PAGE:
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ITHACA, NY — Luna Street Food will host a barbecue this Friday, July 8 at Lot 10, one of many Luna events to come at this location.
The second in the Reggae Roast series, Luna will bring a roast pig and an array of vegetarian sides to the Lot 10 Beer Garden.
Elliot Martin and Jay Spaker of John Brown’s Body will provide the tunes from 6 to 9:30 p.m. Afterwards, the Club Rub-A-Dub party will continue inside upstairs in Lot 10 with more studio one, roots & dance hall reggae.
“The pork is done Cuban style, marinated for a couple of days in a mojo, a sour orange-based marinade. Then it’s slow roasted, cut up and pulled apart right there,” said Luna Chef Consultant Bryan Keller.
The pig is covered in coals in a roasting box called a La Caja China, the same principle as burying a pig to roast for a luau, but the box cooks almost like a convection oven in ~six hours, instead of 12 to 16 hours with the same results.
For the first Reggae Roast on June 10, Luna roasted a whole pig from Bostrom Farms in Seneca Falls, and brought along five side dishes: Cuban black beans, island rice and grains, sweet potato and kale hash, street corn, and a tangy cabbage slaw.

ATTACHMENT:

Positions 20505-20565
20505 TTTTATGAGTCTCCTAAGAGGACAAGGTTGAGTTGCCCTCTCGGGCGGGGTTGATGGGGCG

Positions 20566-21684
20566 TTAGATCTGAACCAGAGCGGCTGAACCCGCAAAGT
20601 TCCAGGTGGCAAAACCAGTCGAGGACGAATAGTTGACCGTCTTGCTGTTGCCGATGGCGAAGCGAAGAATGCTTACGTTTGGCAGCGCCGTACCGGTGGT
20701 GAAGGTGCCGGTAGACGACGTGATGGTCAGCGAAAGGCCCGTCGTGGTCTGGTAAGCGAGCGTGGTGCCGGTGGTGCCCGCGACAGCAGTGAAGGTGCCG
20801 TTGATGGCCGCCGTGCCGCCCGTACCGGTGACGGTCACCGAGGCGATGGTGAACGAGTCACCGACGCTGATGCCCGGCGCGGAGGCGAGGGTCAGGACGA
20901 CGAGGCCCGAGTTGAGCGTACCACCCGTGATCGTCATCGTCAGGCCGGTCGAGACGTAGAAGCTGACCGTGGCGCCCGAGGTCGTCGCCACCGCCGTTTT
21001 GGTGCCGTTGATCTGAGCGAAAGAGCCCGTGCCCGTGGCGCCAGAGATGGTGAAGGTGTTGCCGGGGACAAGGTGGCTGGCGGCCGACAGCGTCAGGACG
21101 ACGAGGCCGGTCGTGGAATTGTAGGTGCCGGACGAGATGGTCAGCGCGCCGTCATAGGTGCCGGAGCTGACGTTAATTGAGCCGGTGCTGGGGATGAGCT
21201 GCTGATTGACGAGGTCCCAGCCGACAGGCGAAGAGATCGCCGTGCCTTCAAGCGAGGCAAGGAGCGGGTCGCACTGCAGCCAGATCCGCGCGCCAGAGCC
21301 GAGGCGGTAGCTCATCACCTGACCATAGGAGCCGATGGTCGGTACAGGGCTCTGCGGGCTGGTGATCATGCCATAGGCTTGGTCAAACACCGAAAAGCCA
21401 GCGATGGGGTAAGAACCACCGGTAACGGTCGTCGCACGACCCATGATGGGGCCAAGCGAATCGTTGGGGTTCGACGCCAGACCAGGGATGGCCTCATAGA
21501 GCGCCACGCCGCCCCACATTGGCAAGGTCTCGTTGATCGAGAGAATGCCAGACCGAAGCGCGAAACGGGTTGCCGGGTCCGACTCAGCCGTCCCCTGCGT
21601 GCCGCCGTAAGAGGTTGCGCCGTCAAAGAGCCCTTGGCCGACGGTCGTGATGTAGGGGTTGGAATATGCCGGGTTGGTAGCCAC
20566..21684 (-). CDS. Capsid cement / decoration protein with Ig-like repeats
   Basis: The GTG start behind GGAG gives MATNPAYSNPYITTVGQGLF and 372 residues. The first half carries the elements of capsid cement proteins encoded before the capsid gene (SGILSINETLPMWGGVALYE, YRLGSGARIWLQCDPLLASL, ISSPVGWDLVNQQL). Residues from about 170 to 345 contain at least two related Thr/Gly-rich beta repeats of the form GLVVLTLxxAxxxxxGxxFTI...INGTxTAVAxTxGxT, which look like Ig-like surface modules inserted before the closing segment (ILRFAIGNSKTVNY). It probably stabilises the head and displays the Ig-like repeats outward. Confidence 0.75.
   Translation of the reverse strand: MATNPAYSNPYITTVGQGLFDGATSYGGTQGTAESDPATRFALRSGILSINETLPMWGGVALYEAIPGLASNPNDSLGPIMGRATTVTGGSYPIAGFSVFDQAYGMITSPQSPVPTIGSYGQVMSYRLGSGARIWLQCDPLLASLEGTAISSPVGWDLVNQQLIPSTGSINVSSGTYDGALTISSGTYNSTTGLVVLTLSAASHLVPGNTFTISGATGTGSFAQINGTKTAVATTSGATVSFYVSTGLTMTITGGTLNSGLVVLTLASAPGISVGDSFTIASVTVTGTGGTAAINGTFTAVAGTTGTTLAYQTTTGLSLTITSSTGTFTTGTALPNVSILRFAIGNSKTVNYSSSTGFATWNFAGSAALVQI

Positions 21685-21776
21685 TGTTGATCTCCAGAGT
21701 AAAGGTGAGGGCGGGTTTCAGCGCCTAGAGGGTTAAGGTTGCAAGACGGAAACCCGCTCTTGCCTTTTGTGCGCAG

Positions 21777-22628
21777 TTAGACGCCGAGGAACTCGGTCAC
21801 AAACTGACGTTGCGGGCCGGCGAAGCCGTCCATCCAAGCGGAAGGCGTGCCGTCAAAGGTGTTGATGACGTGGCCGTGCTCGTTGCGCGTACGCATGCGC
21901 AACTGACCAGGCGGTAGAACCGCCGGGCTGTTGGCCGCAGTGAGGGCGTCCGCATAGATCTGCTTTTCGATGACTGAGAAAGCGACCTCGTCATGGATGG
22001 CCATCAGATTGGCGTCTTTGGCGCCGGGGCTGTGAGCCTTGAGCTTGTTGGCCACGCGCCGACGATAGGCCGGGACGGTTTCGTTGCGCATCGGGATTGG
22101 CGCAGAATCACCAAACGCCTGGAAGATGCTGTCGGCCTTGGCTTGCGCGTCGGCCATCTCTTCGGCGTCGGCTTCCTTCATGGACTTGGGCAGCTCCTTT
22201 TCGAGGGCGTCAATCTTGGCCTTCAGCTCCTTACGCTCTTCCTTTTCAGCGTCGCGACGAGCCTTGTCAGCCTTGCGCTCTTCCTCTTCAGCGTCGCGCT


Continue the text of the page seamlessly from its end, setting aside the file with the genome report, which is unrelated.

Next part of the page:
This Friday the food will be available for $15 for a platter with two sides, or $9 for a sandwich with a side. All the sides can be made into a vegetarian platter for $9.
“This is the best and most fun event of the month,” said Keller, who is excited to host more Luna events at Lot 10.
“It’s something new, something fun. It breaks things up a little bit, and gives me a chance to cook food that I’m not cooking every day.”
That’s the main vibe for Luna at Lot 10. Instead of being a carbon copy of Luna Inspired Street Food on Stewart Ave., the downtown location is part enhancement, part experiment station.
The core menu at the Lot 10 location will be familiar to those who have visited the Collegetown location; the tacos, French fries and mac ‘n cheese options are all there. But menu additions exclusive to Luna at Lot 10 up the ante on what its sister restaurant up the hill started.
For one, there is a full size burger instead of sliders, and a weekly burger special. Diners will find a fried chicken bao buns, a complement to the pork belly bao from Stewart Ave.
While those are all variations on the familiar, the largest difference is the Food Lab, a rotating menu of “composed dishes.”
Food Lab items are full plated meals with an upscale casual vibe, Keller explained.
As opposed to a la carte in takeout containers, “these are a step or two above,” said Keller.
The Food Lab has featured items like a fried trout po’ bo sandwich, battered Idaho trout on an Amoroso roll along with baby heirloom tomatoes, Romaine lettuce, and a housemade jalapeno remoulade accompanied by fresh cut fries.
“We have an heirloom tomato and burrata salad, composed of roasted tomatoes, some fresh baby heirloom tomatoes and burrata, which is cream-filled mozzarella,” Keller said. “We do a lemon oil, cracked pepper, and grilled corn bread croutons tossed in the dressing, like panzanella.”